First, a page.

The Pub Crawl and the Sprint of the Virus: Britain, COVID-19, and Englishness

(Seventh in a series of articles on the implications of the coronavirus for our times, for human history, and for the fate of the earth.)

Part II of “A Global Pandemic, Political Epidemiology, and National Histories”

William_Hogarth_-_A_Rake's_Progress_-_Tavern_Scene

“The Tavern Scene”, also known as “The Orgy”, third in a series called “The Rake’s Progress”, painting by William Hogarth, 1735, from the collection of Sir John Soane’s Museum, London.

The diary of Samuel Pepys, which gives us unusual insights into everyday life in London among the upper crust during the Great Plague, raises some fundamentally interesting questions about what one might describe as national histories and the logic of social response in each country to what is now the global pandemic known as COVID-19.  The diary is taken by social historians to be Continue reading

The Singular and Sinister Exceptionality of the Coronavirus (COVID-19)

(First in a series of articles on the implications of the coronavirus for our times, for human history, and for the fate of the earth.)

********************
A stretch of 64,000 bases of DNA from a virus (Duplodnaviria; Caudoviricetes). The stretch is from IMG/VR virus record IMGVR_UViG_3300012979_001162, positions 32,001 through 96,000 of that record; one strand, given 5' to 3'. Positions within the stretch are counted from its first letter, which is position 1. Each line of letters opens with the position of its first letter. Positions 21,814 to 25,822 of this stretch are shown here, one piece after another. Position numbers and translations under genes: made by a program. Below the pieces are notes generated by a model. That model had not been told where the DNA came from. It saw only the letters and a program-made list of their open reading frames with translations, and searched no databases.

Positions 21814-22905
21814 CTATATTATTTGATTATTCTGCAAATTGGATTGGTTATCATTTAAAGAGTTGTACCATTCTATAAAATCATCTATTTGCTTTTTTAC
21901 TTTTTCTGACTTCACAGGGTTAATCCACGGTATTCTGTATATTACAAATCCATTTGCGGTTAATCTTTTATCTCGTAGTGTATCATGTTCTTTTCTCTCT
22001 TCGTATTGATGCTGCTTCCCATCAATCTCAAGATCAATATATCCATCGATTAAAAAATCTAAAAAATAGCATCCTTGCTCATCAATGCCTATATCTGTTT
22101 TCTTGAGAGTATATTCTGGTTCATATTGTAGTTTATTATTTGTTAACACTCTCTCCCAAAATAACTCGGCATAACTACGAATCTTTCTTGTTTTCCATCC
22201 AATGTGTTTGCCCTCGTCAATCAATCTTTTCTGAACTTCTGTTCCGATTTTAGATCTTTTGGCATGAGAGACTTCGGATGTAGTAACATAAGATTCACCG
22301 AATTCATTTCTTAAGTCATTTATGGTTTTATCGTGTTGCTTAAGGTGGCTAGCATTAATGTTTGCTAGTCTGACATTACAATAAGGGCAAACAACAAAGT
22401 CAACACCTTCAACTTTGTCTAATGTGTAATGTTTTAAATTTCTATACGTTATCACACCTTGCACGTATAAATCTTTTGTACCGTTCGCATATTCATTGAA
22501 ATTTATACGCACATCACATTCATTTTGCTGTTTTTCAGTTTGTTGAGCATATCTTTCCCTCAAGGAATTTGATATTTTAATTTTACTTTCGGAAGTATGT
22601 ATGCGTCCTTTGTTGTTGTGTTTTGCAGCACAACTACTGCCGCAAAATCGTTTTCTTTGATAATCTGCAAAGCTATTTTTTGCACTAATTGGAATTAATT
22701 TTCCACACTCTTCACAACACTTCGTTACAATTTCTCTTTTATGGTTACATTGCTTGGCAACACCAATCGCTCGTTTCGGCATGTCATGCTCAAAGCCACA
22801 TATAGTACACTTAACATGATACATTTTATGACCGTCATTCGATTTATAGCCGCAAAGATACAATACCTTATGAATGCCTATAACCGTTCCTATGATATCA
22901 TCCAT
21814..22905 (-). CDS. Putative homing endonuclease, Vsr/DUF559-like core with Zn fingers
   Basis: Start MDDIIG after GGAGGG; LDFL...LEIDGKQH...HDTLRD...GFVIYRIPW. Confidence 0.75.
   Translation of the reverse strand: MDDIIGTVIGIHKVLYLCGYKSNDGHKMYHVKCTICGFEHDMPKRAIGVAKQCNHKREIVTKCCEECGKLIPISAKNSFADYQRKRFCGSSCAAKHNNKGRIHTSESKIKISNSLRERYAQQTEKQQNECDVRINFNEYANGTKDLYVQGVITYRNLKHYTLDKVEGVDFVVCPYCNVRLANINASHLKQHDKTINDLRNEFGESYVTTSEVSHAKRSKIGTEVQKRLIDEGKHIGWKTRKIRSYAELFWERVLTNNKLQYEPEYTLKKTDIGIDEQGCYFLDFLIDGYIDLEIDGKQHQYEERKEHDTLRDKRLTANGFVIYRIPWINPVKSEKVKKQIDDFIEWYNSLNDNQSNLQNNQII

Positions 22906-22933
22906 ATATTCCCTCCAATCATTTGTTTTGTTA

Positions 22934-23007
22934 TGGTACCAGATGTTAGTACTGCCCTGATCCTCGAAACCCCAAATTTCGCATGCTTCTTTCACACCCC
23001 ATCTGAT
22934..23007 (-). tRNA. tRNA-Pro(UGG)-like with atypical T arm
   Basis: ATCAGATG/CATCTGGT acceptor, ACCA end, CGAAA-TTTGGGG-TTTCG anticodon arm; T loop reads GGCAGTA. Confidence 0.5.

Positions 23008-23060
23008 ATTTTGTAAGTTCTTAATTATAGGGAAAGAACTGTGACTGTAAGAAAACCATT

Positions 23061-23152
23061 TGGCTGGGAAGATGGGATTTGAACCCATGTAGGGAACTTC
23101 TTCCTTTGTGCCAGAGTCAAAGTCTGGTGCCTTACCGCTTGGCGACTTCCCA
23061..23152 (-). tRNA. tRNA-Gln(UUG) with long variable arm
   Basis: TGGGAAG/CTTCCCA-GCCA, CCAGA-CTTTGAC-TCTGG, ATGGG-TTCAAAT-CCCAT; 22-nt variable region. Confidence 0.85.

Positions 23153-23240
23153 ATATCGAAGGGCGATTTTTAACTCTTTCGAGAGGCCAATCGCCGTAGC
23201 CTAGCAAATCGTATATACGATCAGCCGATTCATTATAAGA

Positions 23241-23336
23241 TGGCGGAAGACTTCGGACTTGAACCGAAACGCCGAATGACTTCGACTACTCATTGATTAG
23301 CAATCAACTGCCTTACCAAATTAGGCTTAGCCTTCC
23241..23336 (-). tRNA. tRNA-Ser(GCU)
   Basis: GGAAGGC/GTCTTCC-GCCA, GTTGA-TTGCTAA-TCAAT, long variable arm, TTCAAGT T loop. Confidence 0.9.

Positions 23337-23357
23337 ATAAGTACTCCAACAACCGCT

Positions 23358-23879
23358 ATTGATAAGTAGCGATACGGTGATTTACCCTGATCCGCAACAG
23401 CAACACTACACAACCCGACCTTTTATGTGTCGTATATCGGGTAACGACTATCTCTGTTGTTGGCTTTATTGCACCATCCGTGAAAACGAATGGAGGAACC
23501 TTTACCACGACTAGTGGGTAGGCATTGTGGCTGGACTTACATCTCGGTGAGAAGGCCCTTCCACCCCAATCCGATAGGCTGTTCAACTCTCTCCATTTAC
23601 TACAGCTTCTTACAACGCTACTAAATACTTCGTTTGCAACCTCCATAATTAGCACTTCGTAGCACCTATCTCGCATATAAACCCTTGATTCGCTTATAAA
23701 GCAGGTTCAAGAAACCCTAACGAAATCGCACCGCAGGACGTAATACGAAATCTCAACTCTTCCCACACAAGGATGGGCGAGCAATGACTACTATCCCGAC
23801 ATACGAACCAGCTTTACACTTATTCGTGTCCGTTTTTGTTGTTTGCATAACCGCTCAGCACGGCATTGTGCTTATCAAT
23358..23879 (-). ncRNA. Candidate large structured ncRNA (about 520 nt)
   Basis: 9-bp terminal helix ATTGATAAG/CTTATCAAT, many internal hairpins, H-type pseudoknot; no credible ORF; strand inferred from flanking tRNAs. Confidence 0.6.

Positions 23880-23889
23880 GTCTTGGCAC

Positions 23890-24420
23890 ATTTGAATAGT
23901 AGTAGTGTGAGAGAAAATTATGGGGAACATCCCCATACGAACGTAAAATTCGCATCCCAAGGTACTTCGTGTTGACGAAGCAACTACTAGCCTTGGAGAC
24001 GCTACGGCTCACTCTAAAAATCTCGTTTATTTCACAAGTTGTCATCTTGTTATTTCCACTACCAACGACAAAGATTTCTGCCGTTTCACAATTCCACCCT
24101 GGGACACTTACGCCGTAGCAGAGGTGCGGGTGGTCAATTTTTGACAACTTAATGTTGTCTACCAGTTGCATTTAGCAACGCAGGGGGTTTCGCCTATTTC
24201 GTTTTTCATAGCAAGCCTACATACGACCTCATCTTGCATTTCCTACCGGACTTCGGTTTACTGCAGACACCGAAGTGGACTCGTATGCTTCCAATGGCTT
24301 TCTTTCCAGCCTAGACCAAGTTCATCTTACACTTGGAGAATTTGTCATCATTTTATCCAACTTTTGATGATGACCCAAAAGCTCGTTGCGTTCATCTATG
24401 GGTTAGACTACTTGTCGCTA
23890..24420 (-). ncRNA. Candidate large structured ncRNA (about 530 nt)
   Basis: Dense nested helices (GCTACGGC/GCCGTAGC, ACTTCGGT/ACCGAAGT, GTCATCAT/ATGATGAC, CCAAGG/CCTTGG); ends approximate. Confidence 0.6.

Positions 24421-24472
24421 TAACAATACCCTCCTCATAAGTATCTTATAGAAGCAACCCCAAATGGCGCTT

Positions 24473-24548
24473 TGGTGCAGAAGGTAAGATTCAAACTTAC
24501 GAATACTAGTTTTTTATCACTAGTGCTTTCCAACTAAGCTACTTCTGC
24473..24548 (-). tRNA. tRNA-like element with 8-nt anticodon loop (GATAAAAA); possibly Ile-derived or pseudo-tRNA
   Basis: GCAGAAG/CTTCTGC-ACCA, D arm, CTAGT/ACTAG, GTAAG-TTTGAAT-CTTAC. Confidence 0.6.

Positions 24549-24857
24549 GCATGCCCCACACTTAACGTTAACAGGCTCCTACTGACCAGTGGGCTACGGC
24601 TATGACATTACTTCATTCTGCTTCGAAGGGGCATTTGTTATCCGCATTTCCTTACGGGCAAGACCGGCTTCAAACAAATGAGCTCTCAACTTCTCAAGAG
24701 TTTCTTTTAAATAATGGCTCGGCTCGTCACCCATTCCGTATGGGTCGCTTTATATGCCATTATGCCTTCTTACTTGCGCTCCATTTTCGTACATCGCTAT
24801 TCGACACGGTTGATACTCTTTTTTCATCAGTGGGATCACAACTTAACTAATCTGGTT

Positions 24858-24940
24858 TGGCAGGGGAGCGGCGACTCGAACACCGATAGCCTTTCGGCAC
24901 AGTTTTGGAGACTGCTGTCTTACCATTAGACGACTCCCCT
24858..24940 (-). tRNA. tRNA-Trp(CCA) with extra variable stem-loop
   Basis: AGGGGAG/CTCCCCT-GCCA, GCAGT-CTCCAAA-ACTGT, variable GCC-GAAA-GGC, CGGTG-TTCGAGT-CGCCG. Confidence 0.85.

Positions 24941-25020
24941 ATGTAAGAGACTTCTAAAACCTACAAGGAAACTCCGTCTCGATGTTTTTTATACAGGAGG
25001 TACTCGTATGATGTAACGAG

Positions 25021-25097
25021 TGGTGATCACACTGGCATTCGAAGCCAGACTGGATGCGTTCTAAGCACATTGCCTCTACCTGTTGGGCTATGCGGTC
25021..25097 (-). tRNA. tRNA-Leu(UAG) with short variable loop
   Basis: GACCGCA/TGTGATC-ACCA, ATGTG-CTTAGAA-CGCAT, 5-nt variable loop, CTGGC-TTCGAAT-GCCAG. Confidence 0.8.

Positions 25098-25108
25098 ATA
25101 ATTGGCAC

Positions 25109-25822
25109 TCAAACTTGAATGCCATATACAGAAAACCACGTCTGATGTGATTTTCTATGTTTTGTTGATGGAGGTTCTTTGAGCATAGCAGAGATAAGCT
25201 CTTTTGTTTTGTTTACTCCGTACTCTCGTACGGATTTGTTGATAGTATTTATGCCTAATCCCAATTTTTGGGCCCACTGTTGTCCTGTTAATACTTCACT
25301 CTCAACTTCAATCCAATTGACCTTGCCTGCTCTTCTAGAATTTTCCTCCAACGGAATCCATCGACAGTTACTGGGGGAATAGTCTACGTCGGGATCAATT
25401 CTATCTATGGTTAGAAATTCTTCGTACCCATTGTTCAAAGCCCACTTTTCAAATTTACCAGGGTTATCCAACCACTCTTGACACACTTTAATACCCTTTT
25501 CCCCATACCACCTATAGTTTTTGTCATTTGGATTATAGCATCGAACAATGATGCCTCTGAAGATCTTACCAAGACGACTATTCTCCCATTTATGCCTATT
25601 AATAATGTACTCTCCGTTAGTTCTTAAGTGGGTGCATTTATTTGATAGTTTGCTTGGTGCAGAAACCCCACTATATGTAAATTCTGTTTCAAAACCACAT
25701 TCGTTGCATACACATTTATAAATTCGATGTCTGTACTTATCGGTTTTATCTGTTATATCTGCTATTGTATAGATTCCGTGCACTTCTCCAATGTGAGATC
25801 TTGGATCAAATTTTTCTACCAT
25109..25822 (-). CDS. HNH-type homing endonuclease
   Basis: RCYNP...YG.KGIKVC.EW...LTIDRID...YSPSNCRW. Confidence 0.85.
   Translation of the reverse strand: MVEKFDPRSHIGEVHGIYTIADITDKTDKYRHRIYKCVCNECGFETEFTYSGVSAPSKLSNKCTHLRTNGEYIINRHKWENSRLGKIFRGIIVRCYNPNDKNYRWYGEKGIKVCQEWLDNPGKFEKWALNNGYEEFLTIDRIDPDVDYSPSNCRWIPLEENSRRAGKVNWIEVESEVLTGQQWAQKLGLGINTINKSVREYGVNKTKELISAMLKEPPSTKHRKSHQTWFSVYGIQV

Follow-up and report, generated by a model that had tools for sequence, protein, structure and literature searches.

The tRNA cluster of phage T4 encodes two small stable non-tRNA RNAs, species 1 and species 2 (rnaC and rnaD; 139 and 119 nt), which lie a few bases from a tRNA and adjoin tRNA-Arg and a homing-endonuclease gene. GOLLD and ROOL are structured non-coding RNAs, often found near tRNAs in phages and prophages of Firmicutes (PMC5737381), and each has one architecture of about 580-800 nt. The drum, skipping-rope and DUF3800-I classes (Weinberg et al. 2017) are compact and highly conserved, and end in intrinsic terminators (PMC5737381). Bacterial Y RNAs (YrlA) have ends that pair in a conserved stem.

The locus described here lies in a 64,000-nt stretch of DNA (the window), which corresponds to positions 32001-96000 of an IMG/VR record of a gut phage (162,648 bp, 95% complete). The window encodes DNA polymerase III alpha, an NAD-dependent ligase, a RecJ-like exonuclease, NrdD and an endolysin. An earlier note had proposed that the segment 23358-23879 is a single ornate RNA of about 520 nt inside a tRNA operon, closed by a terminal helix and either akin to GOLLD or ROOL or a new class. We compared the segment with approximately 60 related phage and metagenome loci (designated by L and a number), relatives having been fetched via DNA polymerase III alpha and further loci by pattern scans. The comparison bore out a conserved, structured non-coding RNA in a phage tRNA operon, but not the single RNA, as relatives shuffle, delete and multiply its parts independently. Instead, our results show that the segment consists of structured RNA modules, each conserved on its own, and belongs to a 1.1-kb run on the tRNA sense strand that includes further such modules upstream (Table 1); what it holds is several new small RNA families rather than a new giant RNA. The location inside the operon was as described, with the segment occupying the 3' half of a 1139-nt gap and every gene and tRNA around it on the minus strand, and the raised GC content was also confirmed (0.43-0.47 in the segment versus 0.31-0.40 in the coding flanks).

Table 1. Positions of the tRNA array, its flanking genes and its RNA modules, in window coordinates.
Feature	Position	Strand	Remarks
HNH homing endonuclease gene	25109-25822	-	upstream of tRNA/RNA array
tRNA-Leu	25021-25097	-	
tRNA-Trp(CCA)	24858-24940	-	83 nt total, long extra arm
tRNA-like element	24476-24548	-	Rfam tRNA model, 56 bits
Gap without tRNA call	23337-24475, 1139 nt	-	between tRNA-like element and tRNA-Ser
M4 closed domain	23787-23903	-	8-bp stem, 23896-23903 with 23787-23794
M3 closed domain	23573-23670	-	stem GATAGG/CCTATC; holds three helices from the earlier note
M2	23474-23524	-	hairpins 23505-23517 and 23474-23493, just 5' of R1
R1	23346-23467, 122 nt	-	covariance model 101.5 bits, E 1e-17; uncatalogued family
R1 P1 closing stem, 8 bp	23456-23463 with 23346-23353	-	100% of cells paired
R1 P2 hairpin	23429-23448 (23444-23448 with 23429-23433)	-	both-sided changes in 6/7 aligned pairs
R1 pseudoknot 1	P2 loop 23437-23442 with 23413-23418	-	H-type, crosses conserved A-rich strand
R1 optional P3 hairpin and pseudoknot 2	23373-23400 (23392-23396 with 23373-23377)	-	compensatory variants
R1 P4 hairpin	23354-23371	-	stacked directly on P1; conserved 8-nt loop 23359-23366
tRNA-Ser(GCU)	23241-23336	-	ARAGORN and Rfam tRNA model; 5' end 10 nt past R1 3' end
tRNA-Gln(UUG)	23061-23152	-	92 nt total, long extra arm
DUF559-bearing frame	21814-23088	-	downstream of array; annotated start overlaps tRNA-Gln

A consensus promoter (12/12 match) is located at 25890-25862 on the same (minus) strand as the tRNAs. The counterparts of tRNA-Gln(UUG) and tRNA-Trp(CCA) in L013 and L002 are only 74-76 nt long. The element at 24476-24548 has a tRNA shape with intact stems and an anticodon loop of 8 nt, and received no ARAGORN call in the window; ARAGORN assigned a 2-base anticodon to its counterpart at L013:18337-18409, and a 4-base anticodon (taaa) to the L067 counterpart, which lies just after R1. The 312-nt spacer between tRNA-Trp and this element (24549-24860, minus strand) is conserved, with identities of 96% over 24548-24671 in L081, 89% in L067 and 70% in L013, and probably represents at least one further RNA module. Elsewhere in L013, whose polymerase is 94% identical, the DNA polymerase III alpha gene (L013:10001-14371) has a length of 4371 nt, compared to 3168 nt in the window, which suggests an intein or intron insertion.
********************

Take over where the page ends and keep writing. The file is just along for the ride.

The social, economic, and political turmoil around the COVID-19 or coronavirus pandemic presently sweeping the world is unprecedented in modern history or, more precisely, in the last one hundred years.  Before we can even begin to understand its manifold and still unraveling ramifications, many of which are bound to leave their imprint for the foreseeable future, it is necessary to grasp the fact that there is nothing quite akin to it in the experience of any living person.   Fewer than 5500 people have died so far, and of these just under 3100 in the Hubei province of China.  There have been hundreds, perhaps a few thousand, wars, genocides, civil conflicts, insurrections, epidemics, droughts, earthquakes, and other ‘natural disasters’ that have produced far higher mortality figures.  About 40 million people are estimated to have died in World War I; in the Second World War, something like 100 million people may have been killed, including military personnel, civilians, as well as those civilians who perished from war-induced hunger, famine, and starvation. Weighed in the larger scheme of things, the present mortality figures from COVID-19 barely deserve mention.  And, yet, it is possible to argue that what is presently being witnessed as the world responds to the COVID-19 is singular, distinct, and altogether novel in our experience of the last one hundred years.

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